British elections

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General elections take place at least every five years on a First-past-the-post election system. But the actual date is chosen at the discretion of the current Prime Minister and elections are often held before the end of the five-year term. The five years runs from the first meeting of Parliament following the election.

The Prime Minister asks the Queen to dissolve Parliament by Royal Proclamation. The Proclamation the formal Writs of Election which require an election to be held. The election is held 17 working days after the date of the Proclamation.

Since 1935 every general election has been held on a Thursday. Of the 16 general elections between 1945 and 2001, four have been in October, four in June, three in May and two in February.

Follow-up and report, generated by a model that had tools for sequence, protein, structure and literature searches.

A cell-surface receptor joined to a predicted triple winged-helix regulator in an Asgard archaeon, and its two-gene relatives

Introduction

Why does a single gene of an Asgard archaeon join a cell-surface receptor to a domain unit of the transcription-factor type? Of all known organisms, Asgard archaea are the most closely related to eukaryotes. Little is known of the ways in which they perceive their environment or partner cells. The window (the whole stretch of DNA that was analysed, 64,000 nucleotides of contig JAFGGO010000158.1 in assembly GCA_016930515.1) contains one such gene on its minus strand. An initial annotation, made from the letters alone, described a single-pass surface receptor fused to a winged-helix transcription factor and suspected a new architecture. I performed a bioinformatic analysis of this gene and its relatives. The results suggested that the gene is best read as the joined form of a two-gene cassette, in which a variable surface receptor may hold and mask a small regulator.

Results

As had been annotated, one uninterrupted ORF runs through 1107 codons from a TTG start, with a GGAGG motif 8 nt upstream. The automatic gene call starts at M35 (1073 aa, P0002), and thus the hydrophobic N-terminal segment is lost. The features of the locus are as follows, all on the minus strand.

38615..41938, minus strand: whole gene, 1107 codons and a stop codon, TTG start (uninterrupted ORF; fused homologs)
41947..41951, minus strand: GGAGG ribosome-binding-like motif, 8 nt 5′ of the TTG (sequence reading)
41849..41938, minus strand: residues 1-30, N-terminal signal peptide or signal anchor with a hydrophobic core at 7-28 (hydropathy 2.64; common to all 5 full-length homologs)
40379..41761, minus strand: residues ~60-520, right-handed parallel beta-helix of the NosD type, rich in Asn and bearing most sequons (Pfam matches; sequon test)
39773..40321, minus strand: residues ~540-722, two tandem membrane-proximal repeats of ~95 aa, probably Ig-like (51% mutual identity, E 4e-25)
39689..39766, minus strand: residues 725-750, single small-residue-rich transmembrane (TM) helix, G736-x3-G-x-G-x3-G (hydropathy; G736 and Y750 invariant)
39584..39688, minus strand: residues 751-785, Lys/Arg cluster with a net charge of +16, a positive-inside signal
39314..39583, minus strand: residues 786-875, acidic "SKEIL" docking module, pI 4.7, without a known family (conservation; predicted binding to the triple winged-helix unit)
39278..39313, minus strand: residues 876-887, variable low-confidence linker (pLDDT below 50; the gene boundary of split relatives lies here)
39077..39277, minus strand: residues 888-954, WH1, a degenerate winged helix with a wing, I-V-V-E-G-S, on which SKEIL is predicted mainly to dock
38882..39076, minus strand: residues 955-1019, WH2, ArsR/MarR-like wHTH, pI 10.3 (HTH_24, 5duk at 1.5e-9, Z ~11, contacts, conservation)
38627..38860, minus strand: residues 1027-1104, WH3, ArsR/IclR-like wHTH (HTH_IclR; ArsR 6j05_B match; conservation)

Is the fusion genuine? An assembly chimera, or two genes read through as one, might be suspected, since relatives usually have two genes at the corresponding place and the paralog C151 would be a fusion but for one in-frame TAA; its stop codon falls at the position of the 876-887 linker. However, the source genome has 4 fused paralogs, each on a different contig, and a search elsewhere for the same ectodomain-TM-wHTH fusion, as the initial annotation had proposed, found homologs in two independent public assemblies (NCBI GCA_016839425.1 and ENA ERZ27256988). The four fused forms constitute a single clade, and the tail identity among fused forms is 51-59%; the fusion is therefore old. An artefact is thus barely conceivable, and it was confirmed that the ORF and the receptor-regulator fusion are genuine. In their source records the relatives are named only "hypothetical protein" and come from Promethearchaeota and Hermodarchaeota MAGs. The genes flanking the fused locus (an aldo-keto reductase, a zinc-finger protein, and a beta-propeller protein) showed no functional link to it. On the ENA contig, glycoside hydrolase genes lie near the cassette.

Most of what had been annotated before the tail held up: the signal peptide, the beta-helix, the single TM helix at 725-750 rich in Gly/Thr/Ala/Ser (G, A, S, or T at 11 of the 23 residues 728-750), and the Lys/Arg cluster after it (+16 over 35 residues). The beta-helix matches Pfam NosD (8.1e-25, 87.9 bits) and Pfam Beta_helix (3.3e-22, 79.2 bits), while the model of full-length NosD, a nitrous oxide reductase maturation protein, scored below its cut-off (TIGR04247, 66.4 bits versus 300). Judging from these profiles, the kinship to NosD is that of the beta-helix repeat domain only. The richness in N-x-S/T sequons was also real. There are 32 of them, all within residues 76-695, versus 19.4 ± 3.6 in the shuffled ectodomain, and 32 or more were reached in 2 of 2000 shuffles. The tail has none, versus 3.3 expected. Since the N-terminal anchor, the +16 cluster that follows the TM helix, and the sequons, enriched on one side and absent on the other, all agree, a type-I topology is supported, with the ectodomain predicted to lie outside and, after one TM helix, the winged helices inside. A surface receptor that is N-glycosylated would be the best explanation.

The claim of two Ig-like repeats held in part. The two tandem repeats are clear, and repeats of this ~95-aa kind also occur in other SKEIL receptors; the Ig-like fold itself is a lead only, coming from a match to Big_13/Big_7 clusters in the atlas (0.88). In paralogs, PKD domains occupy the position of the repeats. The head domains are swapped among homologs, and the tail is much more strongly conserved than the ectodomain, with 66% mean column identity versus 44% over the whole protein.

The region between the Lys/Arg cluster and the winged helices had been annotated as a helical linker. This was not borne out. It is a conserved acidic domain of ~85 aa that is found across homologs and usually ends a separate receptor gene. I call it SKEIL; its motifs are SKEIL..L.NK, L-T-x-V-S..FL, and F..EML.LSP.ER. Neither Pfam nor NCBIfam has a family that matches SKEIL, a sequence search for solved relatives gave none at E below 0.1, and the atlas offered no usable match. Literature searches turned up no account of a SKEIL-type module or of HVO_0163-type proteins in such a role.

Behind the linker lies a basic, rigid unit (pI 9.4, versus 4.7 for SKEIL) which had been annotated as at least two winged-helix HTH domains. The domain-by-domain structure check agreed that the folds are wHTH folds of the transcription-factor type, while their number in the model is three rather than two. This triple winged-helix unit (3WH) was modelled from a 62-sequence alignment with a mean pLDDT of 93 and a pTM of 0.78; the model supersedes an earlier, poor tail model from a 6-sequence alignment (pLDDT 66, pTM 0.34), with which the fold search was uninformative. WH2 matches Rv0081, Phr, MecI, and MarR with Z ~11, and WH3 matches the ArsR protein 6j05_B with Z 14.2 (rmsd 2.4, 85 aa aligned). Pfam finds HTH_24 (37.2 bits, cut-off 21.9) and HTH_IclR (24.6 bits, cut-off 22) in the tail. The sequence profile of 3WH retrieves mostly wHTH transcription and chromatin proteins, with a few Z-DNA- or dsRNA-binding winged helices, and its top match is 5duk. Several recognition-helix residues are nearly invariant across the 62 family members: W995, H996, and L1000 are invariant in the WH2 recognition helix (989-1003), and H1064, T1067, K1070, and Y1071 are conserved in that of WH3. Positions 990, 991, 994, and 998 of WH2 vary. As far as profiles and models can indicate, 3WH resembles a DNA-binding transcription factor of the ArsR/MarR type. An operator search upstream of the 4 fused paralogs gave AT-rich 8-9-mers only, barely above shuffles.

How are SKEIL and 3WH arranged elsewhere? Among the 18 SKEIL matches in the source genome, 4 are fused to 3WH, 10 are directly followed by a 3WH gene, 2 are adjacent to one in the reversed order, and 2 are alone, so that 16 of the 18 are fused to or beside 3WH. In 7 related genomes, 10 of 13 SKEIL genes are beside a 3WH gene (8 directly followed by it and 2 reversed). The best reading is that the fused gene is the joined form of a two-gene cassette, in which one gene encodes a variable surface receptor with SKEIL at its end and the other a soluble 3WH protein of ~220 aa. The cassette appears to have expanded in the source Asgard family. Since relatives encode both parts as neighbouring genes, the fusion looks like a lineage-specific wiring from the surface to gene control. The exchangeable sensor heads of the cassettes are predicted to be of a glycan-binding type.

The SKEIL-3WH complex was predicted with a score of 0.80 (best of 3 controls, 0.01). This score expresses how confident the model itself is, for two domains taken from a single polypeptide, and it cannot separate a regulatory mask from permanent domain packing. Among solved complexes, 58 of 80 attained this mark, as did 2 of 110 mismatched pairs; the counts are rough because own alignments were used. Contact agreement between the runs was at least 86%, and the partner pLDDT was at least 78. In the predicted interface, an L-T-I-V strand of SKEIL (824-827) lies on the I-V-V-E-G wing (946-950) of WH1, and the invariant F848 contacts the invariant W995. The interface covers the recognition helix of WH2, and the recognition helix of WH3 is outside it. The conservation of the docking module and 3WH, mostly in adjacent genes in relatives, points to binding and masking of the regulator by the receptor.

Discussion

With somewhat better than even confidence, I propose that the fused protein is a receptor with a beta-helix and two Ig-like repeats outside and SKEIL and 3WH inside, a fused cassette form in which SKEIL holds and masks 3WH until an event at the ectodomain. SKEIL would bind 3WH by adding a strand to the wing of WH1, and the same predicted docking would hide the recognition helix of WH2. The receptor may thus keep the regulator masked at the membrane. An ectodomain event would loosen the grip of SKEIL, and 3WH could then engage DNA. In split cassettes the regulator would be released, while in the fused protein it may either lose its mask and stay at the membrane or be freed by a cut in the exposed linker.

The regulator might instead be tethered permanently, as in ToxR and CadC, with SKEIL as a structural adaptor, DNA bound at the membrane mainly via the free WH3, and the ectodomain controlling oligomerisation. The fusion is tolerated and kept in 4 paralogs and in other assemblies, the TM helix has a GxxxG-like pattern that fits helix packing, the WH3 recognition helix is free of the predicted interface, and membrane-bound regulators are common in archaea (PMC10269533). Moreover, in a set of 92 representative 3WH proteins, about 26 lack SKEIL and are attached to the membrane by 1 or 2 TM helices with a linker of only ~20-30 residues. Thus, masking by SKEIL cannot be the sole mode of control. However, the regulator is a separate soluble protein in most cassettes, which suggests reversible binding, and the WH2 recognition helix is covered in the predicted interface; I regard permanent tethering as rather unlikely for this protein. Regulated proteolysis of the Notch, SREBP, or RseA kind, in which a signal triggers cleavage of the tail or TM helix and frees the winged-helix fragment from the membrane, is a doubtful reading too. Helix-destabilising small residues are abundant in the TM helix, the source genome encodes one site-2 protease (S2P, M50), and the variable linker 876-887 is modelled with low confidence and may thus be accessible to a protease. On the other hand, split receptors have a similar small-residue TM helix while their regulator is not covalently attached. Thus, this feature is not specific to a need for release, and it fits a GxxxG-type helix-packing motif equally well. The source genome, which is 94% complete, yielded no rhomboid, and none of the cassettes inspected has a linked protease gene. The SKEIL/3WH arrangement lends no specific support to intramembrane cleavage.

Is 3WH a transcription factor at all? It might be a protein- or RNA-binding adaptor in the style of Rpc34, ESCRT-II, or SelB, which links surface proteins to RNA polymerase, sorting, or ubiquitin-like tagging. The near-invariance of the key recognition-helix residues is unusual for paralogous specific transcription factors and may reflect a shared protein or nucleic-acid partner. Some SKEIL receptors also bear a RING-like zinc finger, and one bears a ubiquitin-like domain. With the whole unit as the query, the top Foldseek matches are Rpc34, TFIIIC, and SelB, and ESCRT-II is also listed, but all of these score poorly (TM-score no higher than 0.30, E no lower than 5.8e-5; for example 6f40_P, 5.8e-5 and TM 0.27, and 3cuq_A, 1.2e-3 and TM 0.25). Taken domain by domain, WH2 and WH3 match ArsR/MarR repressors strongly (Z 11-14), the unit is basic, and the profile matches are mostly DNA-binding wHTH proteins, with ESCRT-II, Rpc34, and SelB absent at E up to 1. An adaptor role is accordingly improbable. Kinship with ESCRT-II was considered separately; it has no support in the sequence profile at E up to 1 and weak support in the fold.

When all of the results are known, the Queen will usually invite the leader of the party winning the most seats in the House of Commons to be Prime Minister and to form a new Government. The second largest party becomes the Official Opposition. Any smaller parties are collectively known as the Opposition, even if they support the Government.

From the Electoral register (2000) there are 44,423,440 people registered to vote in the UK, 36,994,211 of them in England.